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H. G. CARTER

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H. G. CARTER

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H. G. CARTER

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H. G. CARTER

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Harold H. Opitz, Solomon G. Summer, David A. Wert, Warren R. Snyder, Richard J. Kane, Raymond H. Brady, Paul M. Stokols, Stephan C. Kuhl, and Gary M. Carter

Abstract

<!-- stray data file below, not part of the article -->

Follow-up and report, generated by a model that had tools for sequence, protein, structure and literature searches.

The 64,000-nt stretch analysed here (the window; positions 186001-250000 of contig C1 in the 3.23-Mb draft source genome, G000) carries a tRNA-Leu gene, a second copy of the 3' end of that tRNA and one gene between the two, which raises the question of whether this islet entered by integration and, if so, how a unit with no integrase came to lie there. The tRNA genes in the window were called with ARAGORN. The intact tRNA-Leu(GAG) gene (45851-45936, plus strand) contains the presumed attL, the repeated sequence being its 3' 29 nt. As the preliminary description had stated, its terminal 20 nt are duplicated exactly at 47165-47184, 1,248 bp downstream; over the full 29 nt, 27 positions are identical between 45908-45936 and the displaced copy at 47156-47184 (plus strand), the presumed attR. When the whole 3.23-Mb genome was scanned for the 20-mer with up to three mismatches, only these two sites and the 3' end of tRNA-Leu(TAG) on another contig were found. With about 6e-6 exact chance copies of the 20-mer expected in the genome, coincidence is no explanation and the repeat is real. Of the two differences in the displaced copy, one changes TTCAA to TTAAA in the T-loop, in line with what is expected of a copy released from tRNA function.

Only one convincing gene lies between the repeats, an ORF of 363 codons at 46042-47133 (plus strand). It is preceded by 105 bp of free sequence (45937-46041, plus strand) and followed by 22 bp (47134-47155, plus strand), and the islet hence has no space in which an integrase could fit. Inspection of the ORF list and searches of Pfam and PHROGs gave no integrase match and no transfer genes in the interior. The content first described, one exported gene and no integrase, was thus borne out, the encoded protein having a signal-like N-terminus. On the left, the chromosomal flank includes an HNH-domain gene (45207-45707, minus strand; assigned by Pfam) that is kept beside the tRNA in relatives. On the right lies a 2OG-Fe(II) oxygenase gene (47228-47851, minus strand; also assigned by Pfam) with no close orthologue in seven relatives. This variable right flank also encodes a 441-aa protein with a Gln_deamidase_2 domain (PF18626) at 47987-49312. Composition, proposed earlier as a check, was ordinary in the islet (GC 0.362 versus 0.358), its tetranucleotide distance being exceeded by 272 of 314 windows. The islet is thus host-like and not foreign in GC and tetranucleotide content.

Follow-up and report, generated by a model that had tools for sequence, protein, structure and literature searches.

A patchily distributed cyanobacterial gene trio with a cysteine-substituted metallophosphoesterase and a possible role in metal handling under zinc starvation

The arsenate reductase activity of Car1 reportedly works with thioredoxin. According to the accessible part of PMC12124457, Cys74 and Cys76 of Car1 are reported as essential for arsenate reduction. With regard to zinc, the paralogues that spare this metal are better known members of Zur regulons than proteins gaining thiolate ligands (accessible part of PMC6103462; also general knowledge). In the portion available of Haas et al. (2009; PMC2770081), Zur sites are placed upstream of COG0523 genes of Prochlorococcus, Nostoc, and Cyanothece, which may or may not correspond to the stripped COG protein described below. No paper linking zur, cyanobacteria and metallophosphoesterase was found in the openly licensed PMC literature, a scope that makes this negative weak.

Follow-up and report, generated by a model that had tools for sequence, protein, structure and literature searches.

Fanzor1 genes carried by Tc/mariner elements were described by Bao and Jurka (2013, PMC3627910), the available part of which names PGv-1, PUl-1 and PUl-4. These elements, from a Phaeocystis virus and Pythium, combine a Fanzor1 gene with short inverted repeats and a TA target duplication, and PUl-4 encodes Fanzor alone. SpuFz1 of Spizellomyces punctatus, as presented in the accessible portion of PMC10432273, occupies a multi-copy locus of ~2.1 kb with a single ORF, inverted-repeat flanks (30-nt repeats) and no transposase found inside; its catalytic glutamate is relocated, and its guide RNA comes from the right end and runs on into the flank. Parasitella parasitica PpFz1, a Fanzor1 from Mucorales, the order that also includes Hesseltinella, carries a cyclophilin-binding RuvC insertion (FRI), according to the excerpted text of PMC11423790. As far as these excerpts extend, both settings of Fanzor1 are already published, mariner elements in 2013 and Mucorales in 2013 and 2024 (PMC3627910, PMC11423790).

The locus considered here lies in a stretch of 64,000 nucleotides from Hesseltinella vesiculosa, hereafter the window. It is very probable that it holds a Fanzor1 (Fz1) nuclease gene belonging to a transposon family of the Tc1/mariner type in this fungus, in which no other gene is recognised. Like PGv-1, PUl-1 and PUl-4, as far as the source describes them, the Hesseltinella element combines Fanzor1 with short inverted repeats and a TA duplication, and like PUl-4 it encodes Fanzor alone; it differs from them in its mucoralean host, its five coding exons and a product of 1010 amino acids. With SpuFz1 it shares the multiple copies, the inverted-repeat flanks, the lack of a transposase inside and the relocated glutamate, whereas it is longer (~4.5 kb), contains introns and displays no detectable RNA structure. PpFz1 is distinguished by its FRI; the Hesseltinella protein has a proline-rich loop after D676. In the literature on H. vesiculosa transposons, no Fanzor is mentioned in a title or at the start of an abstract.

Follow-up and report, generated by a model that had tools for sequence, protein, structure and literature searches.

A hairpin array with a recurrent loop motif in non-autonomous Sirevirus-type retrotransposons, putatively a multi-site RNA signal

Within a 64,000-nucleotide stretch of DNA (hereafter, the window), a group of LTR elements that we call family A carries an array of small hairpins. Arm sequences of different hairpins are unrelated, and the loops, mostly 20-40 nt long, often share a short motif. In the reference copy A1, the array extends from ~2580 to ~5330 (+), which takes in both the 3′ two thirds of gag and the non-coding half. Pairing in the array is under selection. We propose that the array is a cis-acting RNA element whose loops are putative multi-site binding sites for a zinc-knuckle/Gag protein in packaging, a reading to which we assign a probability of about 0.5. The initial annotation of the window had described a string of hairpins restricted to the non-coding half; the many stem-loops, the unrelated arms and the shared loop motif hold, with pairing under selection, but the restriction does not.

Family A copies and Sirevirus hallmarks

Over the years, as the recognition and understanding of the structure and climatic frequency of heavy-rain events has expanded, there has been a corresponding improvement in the available forecast guidance on both the national and local level. Numerous operational procedures, forecast applications, and objective techniques have been developed at National Weather Service (NWS) field offices to assess the potential for heavy precipitation and flooding. The use of simple models and operational checklists, as well as the identification of precipitation enhancements due to the effects of terrain and local climatology, provide forecasters with useful tools that help interpret and improve upon the central guidance products. In addition, the NWS Eastern Region has devised and implemented an aggressive and comprehensive program to support the daily formulation of quantitative precipitation estimates appropriate for the production of more timely and accurate river forecasts. Finally, access to high-resolution information from new remote sensor technologies such as Doppler radar, vertical wind profilers, lightning detection networks, and the next generation of geostationary satellites presents the possibility of a substantial improvement in the prediction of heavy precipitation.

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